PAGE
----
Oil Futures Plunge on Inventory Build

Brian L Milne
By  Brian L. Milne , DTN Refined Fuels Editor

WASHINGTON, D.C. (DTN) -- Oil futures nearest delivery on the New York Mercantile Exchange and Brent crude on the Intercontinental Exchange moved sharply lower Wednesday. West Texas Intermediate settled at a nearly five-month low after government data showed a larger-than-expected build in U.S. crude inventories, while fear of slowing global growth added to losses.

NYMEX July WTI futures moved down $1.80 to finish the session at $51.68 bbl, the lowest price settlement since mid-January. ICE August Brent futures dropped $1.34 to settle at $60.63 bbl, also the lowest value in nearly five months. NYMEX July RBOB futures sank 3.14cts to $1.6928 gallon, a more than three-month spot low settlement. July ULSD futures ended the session 4.15cts down at $1.7800, a five-month spot low settlement.

Oil futures were slammed Wednesday in response to a bearish weekly supply report showing across-the-board builds in U.S. commercial crude and products inventories, while domestic production reached a new record high.

The Energy Information Administration reported a larger-than-expected 6.8 million bbl increase in commercial crude stocks, lifting inventory to better than a 22-month high during the week ended May 31. Government data also showed domestic crude output jumped 100,000 bpd in the last week of May to a fresh record high of 12.4 million bpd, while monthly output rate averaged 13.9% above the comparable period a year ago.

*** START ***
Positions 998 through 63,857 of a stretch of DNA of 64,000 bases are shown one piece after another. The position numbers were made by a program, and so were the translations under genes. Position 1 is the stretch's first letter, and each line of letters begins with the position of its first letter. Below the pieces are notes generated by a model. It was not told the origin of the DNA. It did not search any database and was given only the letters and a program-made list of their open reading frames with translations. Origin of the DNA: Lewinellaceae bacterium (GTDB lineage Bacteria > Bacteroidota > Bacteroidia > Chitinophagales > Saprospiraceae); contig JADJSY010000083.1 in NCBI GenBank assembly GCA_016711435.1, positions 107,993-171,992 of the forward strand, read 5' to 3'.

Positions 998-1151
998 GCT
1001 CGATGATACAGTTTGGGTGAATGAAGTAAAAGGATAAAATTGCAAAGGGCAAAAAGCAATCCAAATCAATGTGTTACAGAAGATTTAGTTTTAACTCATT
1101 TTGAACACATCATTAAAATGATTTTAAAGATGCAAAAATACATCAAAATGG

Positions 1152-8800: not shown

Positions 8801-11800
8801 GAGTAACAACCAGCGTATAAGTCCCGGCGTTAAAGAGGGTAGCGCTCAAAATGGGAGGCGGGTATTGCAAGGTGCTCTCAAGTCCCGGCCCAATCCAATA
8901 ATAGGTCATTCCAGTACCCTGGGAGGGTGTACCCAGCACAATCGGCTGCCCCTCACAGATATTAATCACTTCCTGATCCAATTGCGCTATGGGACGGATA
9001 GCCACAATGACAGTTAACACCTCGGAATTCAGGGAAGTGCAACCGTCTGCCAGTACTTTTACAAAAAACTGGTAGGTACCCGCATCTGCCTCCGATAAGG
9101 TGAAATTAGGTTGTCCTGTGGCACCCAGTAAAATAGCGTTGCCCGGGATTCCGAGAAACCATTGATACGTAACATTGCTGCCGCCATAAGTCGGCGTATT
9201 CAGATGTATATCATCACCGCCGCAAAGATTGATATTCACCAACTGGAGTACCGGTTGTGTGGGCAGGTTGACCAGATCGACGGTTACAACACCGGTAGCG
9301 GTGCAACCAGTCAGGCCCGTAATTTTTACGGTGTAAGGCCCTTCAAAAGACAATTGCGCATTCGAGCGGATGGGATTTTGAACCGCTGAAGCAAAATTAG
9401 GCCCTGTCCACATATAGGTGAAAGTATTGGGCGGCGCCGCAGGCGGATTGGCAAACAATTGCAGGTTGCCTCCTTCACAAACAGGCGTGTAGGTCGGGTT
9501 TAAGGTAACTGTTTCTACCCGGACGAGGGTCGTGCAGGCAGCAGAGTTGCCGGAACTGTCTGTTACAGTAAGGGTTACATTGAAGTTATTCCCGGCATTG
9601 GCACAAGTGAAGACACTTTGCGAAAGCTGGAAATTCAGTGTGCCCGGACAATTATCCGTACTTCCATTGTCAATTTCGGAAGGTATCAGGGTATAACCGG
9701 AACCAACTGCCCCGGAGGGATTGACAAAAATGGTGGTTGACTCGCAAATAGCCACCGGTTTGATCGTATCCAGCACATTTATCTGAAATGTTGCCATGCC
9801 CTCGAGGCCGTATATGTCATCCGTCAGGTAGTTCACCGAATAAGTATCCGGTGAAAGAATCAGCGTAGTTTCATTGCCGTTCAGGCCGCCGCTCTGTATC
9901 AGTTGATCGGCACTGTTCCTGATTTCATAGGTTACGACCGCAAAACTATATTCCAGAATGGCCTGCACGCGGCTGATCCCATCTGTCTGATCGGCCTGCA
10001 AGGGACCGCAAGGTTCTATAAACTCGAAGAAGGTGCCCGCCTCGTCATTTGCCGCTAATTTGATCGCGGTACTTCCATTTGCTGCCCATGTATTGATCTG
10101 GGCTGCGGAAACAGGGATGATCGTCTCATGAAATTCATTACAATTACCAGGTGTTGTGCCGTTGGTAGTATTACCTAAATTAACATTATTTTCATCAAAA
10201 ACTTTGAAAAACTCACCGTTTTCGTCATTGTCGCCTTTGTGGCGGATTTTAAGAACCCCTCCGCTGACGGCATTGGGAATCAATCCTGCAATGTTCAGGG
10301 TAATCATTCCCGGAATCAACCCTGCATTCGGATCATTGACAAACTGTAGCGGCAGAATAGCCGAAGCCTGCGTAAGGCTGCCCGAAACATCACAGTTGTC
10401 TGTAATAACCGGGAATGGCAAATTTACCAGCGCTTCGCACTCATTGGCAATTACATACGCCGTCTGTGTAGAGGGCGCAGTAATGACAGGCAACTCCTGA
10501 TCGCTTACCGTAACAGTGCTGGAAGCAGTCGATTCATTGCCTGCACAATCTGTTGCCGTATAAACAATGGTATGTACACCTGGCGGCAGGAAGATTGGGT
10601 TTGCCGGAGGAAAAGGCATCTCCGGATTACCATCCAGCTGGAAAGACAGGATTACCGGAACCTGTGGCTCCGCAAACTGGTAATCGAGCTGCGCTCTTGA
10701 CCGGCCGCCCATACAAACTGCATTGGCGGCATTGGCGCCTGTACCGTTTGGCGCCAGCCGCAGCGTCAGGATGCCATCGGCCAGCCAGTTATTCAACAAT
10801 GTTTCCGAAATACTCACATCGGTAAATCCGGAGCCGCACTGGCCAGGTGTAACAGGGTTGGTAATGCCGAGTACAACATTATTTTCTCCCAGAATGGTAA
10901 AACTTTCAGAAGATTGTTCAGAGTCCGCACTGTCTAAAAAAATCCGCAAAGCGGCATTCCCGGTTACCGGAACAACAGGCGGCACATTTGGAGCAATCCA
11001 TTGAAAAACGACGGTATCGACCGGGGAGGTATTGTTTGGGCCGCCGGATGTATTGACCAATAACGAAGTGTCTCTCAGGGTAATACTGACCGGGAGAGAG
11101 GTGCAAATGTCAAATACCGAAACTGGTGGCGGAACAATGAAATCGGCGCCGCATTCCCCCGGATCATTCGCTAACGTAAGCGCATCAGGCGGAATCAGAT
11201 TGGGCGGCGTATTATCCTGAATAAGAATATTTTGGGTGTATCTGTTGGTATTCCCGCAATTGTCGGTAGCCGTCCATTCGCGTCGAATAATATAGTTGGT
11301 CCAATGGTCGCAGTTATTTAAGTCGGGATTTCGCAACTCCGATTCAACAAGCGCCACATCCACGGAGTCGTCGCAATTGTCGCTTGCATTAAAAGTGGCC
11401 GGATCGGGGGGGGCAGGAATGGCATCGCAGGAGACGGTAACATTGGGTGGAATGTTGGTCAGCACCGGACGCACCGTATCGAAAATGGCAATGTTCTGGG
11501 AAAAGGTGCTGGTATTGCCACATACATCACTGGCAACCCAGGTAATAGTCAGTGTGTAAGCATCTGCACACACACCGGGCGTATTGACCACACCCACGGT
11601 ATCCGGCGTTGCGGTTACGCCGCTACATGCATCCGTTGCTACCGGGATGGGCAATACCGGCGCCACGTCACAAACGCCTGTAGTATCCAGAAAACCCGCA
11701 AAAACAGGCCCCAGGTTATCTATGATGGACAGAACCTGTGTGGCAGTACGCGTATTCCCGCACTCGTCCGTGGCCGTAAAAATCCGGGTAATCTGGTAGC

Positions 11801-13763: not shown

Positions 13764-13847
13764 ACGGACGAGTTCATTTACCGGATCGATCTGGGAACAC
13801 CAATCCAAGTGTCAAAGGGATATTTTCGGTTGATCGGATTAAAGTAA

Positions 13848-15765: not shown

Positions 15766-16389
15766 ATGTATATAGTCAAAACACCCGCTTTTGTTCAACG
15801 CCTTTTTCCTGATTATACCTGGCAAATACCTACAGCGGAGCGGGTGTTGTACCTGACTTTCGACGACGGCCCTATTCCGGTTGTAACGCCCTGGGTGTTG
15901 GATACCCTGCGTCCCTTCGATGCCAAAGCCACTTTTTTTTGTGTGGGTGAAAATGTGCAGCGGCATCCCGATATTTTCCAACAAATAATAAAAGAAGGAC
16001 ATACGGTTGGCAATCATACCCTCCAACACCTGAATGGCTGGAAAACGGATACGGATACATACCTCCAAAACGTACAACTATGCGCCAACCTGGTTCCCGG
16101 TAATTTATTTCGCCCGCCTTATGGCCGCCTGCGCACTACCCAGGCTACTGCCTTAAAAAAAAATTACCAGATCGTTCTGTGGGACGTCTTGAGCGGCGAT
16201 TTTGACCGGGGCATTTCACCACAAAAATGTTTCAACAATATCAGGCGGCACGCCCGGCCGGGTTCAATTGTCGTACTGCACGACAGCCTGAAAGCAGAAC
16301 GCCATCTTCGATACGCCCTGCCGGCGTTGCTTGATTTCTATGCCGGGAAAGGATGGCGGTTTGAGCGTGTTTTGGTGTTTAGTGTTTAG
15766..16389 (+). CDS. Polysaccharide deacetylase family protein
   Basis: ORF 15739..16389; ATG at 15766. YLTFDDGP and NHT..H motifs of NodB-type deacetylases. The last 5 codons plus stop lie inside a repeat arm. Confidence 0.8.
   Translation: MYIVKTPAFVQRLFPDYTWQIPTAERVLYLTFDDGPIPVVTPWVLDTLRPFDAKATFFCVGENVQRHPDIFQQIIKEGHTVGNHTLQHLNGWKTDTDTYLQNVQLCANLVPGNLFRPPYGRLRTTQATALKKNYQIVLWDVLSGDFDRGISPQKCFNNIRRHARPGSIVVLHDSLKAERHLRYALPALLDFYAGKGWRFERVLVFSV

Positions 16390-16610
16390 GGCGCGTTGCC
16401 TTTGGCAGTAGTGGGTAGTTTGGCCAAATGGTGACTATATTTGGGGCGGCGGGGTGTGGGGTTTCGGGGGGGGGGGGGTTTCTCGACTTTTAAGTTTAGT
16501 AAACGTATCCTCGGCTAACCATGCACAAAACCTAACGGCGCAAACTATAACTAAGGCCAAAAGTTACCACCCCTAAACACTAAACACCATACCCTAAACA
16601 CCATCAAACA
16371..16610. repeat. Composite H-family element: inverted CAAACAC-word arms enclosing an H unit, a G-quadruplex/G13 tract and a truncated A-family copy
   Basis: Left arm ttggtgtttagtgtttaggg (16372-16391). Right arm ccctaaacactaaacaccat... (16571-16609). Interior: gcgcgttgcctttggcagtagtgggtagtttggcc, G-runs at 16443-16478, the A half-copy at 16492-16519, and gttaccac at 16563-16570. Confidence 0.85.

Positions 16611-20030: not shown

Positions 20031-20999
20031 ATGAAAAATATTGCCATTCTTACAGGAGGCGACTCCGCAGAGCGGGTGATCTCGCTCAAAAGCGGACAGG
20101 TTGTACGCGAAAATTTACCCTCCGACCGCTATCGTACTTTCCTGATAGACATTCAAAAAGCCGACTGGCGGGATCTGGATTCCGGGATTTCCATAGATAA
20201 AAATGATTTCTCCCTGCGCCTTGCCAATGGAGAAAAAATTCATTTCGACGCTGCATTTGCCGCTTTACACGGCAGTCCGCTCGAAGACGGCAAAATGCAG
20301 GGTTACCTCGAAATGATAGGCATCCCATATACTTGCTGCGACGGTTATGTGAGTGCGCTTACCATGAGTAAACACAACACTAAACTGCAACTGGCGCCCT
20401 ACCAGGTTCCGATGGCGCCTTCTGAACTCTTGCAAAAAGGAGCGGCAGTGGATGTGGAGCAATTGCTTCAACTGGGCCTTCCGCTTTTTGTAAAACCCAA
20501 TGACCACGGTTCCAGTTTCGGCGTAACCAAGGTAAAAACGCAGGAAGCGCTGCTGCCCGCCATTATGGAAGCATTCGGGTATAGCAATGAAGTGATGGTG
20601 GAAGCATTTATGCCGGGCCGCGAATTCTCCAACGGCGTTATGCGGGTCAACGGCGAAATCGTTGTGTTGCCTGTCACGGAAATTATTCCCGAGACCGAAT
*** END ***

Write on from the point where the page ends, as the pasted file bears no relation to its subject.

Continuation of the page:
EIA report was particularly bearish for refined products, detailing much larger-than expected builds in both gasoline and distillate inventories for the profiled week.

U.S. gasoline stocks jumped 3.2 million bbl, with gasoline inventory registering a steep 9.1 million bbl increase from May 11 to May 31. Distillate inventories gained 4.6 million bbl, while implied demand in the profiled week plunged 895,000 bpd to reach one of the lowest weekly demand rates of 2019.

Demand weakness for distillates aligns with weakening manufacturing in the United States, with the Institute of Supply Management reporting an unexpected 0.7% decline in the U.S. manufacturing index during May to a 52.1 32-month low.

The sharp increases in U.S. oil inventory heightened concern over potential lost demand amid the U.S. trade fight with China and threatened tariffs on imports from Mexico, and follow the World Bank's projection released Tuesday that global economic growth would slow to a less than expected 2.6% this year from 3% in 2018.

"Emerging and developing economy growth is constrained by sluggish investment, and risks are tilted to the downside. These risks include rising trade barriers, renewed financial stress, and sharper-than-expected slowdowns in several major economies," said the World Bank.

Several analysts continue to note a strong underlying U.S. economy despite the threat from increased tariffs from China, with that view supported by the Federal Reserve's Beige Book released Wednesday afternoon finding a "slight improvement" in regional economic activity from April through mid-May against the previous six-week period. "Almost all districts reported some growth, and a few saw moderate gains in activity."

Equity indexes added to gains following the Beige Book release, ending higher for a second straight session following Tuesday's explosive rally sparked by comments from Federal Reserve Chairman Jerome Powell signaling a rate cut should the economy slow amid trade tensions. A majority in the market are now expecting two rate cuts in the federal funds rate now at 2.25% to 2.5% before year end.

The U.S. dollar, which weakened to a 96.655 seven-week low in early index trading, testing support at the 100-day moving average, reversed higher, ending the session up 0.252 at 97.251.

Liubov Georges can be reached at liubov.georges@dtn.com


Brian Milne